Oral Absorption across Organotypic Culture Models of the Human Buccal Epithelium after E‑cigarette Aerosol Exposure

Masato Miyauchi, Shinkichi Ishikawa, Takeshi Kurachi, Kazutami Sakamoto, and Hideki Sakai

Inhaled aerosols are absorbed across the oral cavity, respiratory tract, and gastrointestinal tract. The absorption across
the oral cavity, which is one of the exposure routes, plays an important role in understanding pharmacokinetics and physiological effects. After aerosol exposure from e-cigarettes, tissue viability studies, morphological observation, and chemical analyses at the inner and outer buccal tissues were performed using organotypic 3D in vitro culture models of the buccal epithelium to better understand the deposition and absorption on the inner and outer buccal tissues. The aerosol exposures did not affect the tissue viability and had no change to the tissue morphology and structure. The deposition ratio at the buccal tissue surface is relatively low. This shows that majority of aerosol transfers to the airway tissues. The distribution from the inner tissue to the outer tissue has selectivity among various compounds, depending on the affinity with the liquid crystal structure of phospholipids and glucosylceramide. Although nicotine absorption in the aqueous solution was well known to increase as the unprotonated state of nicotine increased, the nicotine absorption after the aerosol exposure is irrelevant to the protonated−unprotonated state. Furthermore, the results showed that half of nicotine that adhered to the oral cavity transferred to the inner tissue via the oral epithelium and the other half transferred to the gastrointestinal tract accompanying multiple executions of swallowing, while majority of the water-soluble compounds with the hydroxyl group such as propylene glycol and benzoic acid that adhered to the oral cavity were eluted with the saliva and transferred to the gastrointestinal tract by swallowing.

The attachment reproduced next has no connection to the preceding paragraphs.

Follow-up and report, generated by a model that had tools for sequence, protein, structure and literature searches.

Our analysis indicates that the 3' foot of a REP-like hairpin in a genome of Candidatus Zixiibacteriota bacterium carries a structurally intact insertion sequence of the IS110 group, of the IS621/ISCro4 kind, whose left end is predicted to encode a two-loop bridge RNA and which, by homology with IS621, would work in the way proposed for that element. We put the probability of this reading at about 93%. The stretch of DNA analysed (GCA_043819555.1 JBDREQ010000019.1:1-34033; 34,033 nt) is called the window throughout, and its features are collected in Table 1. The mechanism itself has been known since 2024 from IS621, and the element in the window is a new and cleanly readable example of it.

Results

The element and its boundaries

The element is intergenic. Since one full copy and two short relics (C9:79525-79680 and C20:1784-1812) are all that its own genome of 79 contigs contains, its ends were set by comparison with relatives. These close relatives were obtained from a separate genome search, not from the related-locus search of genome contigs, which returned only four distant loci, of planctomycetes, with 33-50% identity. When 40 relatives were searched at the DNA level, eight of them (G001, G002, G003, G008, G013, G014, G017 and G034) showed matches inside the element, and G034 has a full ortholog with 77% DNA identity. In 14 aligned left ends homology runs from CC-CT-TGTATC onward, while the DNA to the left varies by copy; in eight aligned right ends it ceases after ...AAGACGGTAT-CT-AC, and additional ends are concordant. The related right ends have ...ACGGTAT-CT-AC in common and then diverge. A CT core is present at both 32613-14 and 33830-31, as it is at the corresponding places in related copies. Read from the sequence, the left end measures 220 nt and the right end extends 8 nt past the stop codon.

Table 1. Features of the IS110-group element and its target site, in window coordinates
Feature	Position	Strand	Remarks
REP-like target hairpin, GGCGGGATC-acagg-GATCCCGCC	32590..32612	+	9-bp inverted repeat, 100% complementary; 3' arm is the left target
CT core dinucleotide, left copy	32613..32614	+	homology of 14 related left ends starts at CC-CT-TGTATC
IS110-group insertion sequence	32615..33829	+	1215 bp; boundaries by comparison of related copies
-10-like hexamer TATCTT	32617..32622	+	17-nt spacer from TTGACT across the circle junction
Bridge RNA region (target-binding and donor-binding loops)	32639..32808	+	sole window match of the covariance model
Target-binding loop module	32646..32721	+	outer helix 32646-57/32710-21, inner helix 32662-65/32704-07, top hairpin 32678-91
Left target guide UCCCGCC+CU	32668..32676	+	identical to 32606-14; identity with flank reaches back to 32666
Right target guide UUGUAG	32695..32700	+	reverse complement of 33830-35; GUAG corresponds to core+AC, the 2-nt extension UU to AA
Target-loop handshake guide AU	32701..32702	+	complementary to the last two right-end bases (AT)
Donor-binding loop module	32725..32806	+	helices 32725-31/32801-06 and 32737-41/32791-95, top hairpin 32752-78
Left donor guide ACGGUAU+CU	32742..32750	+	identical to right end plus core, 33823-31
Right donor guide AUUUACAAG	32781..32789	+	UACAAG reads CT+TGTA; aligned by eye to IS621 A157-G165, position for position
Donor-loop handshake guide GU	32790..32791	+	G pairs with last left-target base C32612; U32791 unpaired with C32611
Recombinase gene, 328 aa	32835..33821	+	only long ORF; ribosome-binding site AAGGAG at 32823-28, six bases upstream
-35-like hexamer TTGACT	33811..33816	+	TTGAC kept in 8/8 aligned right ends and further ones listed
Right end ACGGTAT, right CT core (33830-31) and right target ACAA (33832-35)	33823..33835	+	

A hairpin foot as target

EpiOral, ORL-200-PC6.5, aerosol exposure, Vitrocell, e-liquid, propylene glycol (PG), glycerin, nicotine, benzoic acid, e-cigarette, transmission electron microscopy (TEM), tissue adsorption, X-ray scattering (SAXS), wide angle X-ray scattering (WAXS)

Materials Tested

propylene glycol (PG), glycerin, nicotine, benzoic acid, e-cigarette

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